I know this is no proper technique to work with D365. But actually we needs this. So anybody explain in how we can pass arguments through reflection in D365.
This hack would introduce a dependency on implementation details that can change at any time and it wouldn't be detected at compile time; you would get an ugly runtime error when the code was executed. Are you sure want ignore all rules and introduce such a risk for a mission-critical ERP system of your client?
Don't you want top rather discuss how to solve your business requirement in a correct way?
Wondering if this "soft/hard sealing" is the correct way to go, developers are forced to use reflection, technically this is the way to go, but the code is getting harder to maintain. If every place has to go this way, AX will be a different product and uncomfortable platform for us. Developers lose the freedom to do things in the reliable way...Painful trade off result...
Martin, you should let Microsoft know about this, it doesn't have to be Microsoft's choice, even though there are other software vendors doing this 'sealing' thing... We don't know how it's going to be like in the long term, but we see negative things here for sure...
No, you're not forced to use reflection to hack into private members. You shouldn't do it.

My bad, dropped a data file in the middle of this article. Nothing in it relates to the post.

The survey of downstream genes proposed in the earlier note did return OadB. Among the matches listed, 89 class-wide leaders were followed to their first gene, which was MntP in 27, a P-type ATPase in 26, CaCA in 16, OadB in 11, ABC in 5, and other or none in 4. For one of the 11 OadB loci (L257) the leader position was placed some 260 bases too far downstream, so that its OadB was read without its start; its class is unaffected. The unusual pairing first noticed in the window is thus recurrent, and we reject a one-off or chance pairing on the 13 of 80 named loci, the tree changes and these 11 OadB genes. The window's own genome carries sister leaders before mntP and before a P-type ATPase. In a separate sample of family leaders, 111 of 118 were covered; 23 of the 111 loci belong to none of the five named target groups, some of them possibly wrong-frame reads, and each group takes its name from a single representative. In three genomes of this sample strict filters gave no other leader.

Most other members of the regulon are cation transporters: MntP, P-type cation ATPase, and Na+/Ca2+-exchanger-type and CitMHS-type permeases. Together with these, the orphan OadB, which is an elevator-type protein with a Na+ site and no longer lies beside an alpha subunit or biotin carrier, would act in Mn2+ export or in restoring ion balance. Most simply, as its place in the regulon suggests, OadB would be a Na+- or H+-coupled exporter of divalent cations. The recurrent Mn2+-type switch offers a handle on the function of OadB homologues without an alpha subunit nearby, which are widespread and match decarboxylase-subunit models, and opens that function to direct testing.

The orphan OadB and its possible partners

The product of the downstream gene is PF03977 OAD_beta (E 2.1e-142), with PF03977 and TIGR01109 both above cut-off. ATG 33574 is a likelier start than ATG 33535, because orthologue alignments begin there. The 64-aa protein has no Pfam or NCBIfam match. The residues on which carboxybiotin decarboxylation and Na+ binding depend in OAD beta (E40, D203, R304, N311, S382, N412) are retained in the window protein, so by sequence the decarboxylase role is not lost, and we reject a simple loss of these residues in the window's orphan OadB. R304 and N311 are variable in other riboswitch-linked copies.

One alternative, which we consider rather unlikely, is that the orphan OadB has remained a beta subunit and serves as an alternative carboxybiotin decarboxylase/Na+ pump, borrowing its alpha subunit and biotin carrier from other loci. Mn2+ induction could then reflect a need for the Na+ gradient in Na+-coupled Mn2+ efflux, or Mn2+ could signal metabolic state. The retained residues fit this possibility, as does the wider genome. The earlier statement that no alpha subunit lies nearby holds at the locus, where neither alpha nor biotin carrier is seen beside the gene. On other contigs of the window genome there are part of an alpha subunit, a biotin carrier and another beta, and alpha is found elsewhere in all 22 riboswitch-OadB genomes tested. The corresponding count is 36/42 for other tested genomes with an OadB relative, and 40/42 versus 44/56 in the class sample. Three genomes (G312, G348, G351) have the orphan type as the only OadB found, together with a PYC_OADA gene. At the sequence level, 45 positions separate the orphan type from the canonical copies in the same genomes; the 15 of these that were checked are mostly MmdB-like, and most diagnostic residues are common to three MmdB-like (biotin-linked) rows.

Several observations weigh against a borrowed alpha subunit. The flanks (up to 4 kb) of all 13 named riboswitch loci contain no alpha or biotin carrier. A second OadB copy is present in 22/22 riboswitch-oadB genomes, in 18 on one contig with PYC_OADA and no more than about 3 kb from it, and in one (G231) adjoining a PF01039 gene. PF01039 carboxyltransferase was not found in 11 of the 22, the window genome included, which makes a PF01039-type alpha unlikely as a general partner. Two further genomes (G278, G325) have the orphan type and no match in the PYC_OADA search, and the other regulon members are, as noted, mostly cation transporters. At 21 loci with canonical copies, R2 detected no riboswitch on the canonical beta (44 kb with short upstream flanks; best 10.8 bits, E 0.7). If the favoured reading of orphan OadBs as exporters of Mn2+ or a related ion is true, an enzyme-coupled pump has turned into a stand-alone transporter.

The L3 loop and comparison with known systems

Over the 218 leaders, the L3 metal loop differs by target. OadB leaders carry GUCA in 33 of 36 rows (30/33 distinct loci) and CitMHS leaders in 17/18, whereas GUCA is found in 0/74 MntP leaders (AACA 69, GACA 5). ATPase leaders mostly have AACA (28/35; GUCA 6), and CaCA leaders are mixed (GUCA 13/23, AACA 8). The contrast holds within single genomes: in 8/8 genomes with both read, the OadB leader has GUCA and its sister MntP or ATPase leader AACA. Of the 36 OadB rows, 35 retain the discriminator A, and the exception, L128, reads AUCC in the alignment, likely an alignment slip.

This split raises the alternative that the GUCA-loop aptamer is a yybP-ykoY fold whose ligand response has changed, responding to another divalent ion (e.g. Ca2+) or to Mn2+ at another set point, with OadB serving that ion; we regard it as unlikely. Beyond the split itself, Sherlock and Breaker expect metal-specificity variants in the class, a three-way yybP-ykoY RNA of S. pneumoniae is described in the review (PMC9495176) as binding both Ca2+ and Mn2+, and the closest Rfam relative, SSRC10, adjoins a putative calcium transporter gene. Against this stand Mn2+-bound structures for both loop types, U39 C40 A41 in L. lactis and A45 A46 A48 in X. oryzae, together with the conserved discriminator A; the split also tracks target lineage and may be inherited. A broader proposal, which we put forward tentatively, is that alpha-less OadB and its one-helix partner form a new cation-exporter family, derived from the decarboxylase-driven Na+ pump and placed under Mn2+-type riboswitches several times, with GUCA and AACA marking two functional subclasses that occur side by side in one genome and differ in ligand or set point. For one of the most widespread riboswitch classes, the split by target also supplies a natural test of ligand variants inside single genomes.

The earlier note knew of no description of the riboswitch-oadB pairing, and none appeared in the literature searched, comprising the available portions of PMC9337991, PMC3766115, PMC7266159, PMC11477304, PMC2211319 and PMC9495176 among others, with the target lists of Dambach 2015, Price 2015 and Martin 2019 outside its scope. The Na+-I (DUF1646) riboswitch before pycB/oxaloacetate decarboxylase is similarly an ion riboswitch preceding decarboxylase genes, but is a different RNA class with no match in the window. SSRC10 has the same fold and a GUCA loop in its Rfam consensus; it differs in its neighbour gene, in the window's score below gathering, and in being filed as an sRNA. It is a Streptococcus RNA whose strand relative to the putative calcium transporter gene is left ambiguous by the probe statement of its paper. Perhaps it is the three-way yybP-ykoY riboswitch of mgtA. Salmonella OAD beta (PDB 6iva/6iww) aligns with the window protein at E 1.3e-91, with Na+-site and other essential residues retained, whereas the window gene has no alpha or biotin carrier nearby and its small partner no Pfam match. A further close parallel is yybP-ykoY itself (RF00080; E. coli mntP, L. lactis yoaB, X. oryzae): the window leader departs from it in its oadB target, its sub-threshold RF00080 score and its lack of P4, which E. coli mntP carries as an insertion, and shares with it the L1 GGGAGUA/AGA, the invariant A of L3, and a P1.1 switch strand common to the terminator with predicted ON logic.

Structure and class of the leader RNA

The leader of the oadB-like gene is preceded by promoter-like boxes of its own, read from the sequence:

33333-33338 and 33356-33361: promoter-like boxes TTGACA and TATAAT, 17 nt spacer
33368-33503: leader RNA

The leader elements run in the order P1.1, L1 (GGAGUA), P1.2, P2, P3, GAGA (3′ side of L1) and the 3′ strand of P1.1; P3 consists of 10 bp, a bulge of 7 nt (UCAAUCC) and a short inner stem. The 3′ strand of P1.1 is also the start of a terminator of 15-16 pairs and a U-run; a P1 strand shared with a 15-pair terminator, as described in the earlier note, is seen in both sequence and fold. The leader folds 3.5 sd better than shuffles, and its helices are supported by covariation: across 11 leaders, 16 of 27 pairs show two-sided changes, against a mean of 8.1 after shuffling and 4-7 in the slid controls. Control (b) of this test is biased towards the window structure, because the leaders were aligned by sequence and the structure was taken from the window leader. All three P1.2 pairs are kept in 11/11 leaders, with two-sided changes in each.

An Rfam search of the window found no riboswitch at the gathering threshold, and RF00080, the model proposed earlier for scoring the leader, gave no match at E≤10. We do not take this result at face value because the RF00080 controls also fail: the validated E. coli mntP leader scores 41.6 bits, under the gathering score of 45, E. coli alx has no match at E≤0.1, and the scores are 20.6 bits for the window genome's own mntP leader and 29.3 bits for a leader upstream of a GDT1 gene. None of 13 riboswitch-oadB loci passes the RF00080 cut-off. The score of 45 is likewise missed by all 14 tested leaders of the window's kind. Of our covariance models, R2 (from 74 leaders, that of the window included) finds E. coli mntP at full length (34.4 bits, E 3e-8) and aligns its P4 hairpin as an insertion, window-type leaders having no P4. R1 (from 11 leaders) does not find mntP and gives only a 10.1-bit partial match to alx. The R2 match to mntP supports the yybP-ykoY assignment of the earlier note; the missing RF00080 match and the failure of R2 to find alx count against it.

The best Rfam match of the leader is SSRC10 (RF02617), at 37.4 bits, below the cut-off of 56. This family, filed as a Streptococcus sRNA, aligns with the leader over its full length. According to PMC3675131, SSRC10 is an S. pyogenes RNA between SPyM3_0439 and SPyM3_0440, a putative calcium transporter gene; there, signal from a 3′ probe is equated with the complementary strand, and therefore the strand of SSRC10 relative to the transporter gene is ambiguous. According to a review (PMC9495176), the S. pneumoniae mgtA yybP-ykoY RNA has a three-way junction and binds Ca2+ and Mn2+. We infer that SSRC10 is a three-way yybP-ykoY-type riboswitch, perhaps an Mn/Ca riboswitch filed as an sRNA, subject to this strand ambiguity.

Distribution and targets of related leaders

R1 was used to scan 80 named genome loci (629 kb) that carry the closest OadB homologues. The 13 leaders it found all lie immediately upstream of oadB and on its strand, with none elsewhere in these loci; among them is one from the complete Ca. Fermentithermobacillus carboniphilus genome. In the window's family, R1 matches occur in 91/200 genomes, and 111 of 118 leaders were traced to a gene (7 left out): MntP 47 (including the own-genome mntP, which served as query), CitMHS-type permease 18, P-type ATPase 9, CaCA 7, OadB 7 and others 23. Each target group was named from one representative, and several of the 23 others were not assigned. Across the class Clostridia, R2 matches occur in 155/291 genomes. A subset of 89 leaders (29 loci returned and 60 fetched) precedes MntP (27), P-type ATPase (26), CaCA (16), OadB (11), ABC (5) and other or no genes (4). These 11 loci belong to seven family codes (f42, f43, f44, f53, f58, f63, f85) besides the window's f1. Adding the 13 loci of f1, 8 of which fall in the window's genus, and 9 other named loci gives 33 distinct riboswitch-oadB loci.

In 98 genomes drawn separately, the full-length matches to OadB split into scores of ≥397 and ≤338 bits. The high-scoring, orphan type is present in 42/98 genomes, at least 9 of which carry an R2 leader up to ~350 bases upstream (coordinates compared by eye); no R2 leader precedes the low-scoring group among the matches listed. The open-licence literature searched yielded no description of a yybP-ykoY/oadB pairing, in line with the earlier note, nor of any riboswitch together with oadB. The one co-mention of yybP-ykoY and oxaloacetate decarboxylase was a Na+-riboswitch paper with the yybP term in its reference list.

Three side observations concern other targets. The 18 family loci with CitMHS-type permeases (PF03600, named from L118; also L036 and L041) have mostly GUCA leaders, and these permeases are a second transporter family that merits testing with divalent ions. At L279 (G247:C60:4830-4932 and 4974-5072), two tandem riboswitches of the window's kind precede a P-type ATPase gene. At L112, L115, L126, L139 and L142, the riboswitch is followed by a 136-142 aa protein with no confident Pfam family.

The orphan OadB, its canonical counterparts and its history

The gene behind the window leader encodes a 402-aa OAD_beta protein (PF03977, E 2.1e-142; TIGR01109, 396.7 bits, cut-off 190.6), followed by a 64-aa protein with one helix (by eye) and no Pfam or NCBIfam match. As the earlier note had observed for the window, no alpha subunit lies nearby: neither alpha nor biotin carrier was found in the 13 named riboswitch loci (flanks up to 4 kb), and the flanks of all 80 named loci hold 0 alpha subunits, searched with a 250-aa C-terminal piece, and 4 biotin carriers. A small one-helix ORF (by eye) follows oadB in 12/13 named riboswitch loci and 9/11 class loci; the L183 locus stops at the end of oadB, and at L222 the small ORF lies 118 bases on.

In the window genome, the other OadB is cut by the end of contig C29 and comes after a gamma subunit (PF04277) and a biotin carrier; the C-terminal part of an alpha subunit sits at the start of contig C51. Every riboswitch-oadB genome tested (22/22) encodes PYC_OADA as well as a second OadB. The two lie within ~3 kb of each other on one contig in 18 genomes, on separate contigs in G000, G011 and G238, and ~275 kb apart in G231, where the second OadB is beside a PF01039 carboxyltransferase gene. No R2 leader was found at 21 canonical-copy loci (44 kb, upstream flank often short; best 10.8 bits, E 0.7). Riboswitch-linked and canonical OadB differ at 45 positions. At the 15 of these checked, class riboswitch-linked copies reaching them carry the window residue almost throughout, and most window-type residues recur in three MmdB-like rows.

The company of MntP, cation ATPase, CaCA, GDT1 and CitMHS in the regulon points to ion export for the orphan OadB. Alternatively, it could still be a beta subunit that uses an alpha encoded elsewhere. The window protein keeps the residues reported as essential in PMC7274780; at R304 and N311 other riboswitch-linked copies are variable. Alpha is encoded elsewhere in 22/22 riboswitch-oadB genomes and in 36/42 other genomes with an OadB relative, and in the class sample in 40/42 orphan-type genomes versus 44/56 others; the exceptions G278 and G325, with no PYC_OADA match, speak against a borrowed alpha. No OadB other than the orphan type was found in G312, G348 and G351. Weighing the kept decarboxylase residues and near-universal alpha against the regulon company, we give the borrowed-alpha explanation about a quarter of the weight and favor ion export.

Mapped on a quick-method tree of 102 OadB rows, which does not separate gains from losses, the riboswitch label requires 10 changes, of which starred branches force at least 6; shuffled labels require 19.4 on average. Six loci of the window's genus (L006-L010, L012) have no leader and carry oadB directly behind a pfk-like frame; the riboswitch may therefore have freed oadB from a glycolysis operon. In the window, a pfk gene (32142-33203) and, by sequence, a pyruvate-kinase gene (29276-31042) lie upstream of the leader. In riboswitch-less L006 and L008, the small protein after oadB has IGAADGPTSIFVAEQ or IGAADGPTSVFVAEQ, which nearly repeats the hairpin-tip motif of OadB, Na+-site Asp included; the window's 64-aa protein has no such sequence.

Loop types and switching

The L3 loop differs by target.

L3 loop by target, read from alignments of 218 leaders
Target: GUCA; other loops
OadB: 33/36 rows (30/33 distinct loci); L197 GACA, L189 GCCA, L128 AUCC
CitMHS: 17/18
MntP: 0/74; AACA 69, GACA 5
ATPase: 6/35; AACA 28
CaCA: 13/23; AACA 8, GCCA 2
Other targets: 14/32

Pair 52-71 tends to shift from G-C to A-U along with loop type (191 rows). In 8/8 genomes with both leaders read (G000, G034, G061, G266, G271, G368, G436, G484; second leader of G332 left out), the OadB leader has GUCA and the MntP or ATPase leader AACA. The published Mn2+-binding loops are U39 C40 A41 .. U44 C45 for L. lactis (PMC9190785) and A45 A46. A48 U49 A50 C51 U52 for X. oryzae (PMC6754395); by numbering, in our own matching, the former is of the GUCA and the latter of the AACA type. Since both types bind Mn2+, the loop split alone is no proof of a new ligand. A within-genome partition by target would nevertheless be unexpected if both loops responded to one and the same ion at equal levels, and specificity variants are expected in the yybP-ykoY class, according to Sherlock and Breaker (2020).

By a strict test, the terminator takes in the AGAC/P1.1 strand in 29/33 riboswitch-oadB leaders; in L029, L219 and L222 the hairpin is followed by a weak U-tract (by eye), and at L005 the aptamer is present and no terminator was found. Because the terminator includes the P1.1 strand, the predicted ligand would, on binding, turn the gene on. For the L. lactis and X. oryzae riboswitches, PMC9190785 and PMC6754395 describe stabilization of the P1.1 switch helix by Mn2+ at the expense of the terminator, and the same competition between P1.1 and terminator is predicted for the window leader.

First consider if your requirement really can't be achieved without accessing private members. It often require some research; we shouldn't give immediately when the most straightforward approach doesn't work.
If you have a valid scenario which can't be implemented without accessing private members, you should ask authors to make their solution extensible. In the case of Microsoft, it means logging an extensibility request on LCS.
I don't agree that overlayering with code and metadata conflicts on every update was easier to maintain. We don't have to speculate; we saw how difficult, expensive and error-prone upgrades used to be.
That every company manages their own code and there no overlayering conflicts anymore certainly makes things easier, not harder to maintain.
The problem is different - that AX wasn't ever designed for extensibility; Microsoft started changing this only in D365FO and it's near to impossible to retro-fit extensibility to such a large codebase. There are some unusual features such as the ability to attach code to most methods, which basically adds thousand extension points to the application, and Microsoft is refactoring places which people need to be extensible. This is what extensibility requests are for.
What we're getting into is how development usually work. If you're a SharePoint developer, for instance, you also don't change all the standard code. Instead, you extend SharePoint by custom controls, content types, business logic etc.